Why is there so much bad blood involved in the stories of artists and their artworks? Immerse yourself in 18 infamous artistic rivalries, dramatized with gripping moments of narrative, to understand how the rivalries that art fans love to gossip about serve a larger purpose in the way cultures approach the idea of art and the artist. Why did Michelangelo loathe Raphael for decades after the latter had died? How did Pablo Picasso and Henri Matisse balance their perpetual competition with a lifelong friendship? What transgression pitted the notorious titans of the London graffiti scene, Banksy and King Robbo, in a rivalry that ended with a tragic and unforeseeable death? An investigative journey transforms some of the "big names" of the art world into real people--often grumpy, ornery, antagonistic, and flawed--and better reveals how all of us respond to art.
Annually during the months of autumn, Bengal hosts three interlinked festivals to honor its most important goddesses: Durga, Kali, and Jagaddhatri. While each of these deities possesses a distinct iconography, myth, and character, they are all martial. Durga, Kali, and Jagaddhatri often demand blood sacrifice as part of their worship and offer material and spiritual benefits to their votaries. Richly represented in straw, clay, paint, and decoration, they are similarly displayed in elaborately festooned temples, thronged by thousands of admirers. The first book to recount the history of these festivals and their revelry, rivalry, and nostalgic power, this volume marks an unprecedented achievement in the mapping of a major public event. Rachel Fell McDermott describes the festivals' origins and growth under British rule. She identifies their iconographic conventions and carnivalesque qualities and their relationship to the fierce, Tantric sides of ritual practice. McDermott confronts controversies over the tradition of blood sacrifice and the status-seekers who compete for symbolic capital. Expanding her narrative, she takes readers beyond Bengal's borders to trace the transformation of the goddesses and their festivals across the world. McDermott's work underscores the role of holidays in cultural memory, specifically the Bengali evocation of an ideal, culturally rich past. Under the thrall of the goddess, the social, political, economic, and religious identity of Bengalis takes shape.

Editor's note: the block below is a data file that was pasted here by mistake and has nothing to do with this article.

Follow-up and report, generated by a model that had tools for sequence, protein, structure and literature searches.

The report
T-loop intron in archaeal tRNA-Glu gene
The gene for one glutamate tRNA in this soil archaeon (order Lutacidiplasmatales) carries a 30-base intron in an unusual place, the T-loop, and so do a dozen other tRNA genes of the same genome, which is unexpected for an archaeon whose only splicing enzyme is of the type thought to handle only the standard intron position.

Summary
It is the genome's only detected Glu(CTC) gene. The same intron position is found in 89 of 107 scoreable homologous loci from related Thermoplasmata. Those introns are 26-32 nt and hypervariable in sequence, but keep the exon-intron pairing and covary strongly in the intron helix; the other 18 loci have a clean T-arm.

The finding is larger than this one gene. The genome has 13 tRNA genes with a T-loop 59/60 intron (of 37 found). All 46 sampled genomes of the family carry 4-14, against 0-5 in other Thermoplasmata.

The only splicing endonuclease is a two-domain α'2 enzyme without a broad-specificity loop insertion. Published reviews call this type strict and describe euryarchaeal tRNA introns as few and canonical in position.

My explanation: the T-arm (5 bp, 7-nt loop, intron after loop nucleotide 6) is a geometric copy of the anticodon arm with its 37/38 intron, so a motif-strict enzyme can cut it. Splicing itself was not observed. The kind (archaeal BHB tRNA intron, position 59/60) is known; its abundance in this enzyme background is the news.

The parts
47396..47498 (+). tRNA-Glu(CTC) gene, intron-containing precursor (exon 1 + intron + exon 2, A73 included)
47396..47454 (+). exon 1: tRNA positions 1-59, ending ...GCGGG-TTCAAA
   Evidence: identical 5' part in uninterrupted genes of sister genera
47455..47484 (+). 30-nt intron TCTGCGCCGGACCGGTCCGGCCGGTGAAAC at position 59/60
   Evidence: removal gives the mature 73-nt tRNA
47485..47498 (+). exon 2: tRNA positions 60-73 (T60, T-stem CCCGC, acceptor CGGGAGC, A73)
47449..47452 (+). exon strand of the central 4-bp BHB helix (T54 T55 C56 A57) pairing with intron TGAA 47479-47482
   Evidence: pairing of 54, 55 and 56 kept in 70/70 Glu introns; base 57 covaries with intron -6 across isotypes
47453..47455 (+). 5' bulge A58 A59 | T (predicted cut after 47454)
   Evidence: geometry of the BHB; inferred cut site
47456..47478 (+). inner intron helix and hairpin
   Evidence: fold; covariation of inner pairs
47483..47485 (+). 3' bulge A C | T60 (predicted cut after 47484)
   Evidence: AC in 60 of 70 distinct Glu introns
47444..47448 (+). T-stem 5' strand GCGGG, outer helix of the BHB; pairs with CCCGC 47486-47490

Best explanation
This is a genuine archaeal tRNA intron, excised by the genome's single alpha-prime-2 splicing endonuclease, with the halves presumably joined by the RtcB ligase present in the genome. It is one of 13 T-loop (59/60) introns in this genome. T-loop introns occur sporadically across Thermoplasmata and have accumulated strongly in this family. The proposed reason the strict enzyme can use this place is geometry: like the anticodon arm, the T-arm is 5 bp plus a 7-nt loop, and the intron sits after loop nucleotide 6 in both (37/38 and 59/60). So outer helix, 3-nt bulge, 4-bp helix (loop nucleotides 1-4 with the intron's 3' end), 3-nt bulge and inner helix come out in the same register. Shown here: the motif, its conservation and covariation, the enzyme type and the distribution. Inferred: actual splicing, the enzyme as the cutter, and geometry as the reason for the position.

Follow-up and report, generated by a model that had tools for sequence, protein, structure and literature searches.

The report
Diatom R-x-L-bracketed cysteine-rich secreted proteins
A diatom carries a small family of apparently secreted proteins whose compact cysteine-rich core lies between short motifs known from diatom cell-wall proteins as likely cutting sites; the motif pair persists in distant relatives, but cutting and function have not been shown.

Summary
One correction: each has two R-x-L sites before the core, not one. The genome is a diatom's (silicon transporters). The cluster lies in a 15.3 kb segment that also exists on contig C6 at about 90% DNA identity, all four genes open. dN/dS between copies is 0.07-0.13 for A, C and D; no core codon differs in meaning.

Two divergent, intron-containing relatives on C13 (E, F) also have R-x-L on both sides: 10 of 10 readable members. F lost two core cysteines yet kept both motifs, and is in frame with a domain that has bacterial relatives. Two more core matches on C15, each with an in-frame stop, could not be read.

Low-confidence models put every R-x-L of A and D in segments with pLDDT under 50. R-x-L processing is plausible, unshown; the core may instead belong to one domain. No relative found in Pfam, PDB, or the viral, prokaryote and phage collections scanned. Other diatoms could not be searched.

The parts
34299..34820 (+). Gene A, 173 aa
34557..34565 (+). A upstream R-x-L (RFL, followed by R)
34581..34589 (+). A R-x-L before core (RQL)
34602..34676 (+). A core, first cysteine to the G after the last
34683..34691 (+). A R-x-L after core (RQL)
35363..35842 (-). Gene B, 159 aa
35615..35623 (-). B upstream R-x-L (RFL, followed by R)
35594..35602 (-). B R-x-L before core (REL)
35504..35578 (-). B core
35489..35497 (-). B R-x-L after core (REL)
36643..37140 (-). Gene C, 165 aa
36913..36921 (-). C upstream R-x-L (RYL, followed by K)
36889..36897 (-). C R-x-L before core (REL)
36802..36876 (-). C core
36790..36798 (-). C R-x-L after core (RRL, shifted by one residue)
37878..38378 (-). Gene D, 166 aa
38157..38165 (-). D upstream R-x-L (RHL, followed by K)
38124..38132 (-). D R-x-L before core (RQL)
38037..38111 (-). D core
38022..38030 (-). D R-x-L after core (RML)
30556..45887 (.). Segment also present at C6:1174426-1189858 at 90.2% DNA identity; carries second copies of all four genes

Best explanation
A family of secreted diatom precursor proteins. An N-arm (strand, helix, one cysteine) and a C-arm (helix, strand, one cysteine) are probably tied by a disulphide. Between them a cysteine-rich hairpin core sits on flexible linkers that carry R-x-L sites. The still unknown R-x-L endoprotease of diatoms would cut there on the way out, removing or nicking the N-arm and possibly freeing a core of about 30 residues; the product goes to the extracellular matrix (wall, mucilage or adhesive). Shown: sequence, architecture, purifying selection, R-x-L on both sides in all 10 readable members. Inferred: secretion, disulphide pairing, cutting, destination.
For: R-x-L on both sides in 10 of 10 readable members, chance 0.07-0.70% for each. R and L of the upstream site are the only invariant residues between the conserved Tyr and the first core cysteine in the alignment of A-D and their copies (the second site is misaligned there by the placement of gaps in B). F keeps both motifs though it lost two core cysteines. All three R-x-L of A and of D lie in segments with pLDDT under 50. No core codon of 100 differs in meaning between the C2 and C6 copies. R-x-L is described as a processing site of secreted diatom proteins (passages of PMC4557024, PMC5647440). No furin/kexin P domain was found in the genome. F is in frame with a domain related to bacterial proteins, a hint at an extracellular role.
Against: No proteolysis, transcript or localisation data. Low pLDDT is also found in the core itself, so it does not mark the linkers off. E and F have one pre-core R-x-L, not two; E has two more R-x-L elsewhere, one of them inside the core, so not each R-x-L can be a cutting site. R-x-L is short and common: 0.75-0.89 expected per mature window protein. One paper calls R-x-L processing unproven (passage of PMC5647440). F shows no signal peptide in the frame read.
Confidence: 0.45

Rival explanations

Cratinus, one of the lost great poets of fifth-century Athenian comedy, had a formative influence on the comic genre, including Aristophanes himself. Using a methodologically innovative approach, Emmanuela Bakola studies the surviving fragments of Cratinus' plays and offers a thorough analysis of the multifaceted art of this poet and his place in the history of comedy. Issues which she addresses include the creation of a poetic personality within a performative tradition of fierce interpoetic rivalry; the play at the boundaries of the comic genre and the interaction with satyr drama and tragedy, especially Aeschylus; stagecraft and dramaturgy; comic plot-construction and characterization; the author's reflection on his immediate political, social and intellectual context. As well as providing insight into Cratinus, her book enriches our understanding of fifth-century Athenian comedy in a dynamic evolving environment.
The art of life, according to John Kekes, consists in living a life of personal and moral excellence. This art requires continuous creative effort, drawing on one's character, circumstances, experiences, and ideals.